Belle Plains, Virginia

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Belle Plains landing during the American Civil War

Belle Plains, Virginia (sometimes spelled as Belle Plain)[1] was a steamboat landing and unincorporated settlement on the south bank of Potomac Creek off the Potomac River, in Stafford County, Virginia.

In the early 19th-century, Belle Plains served as landing for steamboats to Washington, D.C..[2] The landing and its hotel were in turn was serviced by stagecoaches running to and from nearby Fredericksburg, Virginia where passengers would connect with the Richmond, Fredericksburg, and Potomac Railroad.[2] Bell Plains and Potomac Creek fell by the wayside when the railroad bypassed them, reaching Aquia Landing on Aquia Creek as its terminus wharf in 1842.[2]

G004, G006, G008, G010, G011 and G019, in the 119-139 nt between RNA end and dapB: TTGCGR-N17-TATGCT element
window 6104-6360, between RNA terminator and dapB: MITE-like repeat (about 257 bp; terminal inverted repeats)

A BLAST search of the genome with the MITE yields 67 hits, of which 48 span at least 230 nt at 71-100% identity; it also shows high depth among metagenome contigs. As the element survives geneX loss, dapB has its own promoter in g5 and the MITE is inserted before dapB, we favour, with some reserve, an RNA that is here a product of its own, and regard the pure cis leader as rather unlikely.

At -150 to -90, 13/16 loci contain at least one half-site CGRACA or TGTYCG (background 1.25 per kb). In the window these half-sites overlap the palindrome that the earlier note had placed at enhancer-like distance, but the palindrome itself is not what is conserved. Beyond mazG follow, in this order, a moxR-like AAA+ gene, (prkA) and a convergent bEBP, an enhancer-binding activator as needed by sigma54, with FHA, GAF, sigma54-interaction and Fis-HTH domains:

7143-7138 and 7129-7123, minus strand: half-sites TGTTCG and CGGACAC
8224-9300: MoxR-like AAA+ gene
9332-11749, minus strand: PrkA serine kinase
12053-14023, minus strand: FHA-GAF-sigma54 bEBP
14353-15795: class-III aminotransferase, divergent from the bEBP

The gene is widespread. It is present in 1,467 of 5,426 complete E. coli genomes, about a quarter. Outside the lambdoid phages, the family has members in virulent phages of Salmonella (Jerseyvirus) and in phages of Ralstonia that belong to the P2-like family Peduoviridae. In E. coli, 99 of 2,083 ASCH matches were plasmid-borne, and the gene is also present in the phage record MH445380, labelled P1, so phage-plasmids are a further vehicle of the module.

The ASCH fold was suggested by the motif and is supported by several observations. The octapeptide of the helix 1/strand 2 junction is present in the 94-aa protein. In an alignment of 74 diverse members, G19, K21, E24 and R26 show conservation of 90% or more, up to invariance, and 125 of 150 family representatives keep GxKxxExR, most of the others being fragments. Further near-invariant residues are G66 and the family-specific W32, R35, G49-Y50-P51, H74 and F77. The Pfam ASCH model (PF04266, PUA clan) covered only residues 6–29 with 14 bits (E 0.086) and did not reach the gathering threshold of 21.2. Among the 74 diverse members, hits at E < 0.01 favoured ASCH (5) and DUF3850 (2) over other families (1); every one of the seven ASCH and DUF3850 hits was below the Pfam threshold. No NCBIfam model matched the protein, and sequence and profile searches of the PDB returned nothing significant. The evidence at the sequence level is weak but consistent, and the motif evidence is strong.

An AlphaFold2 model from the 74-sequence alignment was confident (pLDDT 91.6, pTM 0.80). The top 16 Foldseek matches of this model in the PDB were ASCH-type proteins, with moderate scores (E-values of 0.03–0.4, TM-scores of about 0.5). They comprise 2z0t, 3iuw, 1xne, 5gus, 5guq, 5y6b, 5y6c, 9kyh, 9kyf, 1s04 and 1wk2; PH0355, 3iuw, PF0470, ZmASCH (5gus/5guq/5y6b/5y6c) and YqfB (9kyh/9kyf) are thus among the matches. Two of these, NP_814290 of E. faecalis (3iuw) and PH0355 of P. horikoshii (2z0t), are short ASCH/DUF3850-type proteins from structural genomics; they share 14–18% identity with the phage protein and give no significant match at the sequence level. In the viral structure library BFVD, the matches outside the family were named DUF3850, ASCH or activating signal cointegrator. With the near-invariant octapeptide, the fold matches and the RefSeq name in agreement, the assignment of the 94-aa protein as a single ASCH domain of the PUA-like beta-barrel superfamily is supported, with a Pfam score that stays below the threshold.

Belle Plains again rose to prominence during the American Civil War, where it was used as an alternate supply point to Aquia Landing by the Union Army of the Potomac. It became a lead supply point during the Overland Campaign of 1864.

See also[edit]

References[edit]

  1. ^ The current name of the road leading to the area and the USGS-based National Map here use the "Belle Plains" spelling.
  2. ^ a b c Correspondent (22 February 1863). "THE ARMY OF THE POTOMAC.; THE FLYING COLUMN. Potomac Creek and its Landings". New York Times. Retrieved 24 March 2014. 

Coordinates: 38°20′33.38″N 77°19′50.71″W / 38.3426056°N 77.3307528°W / 38.3426056; -77.3307528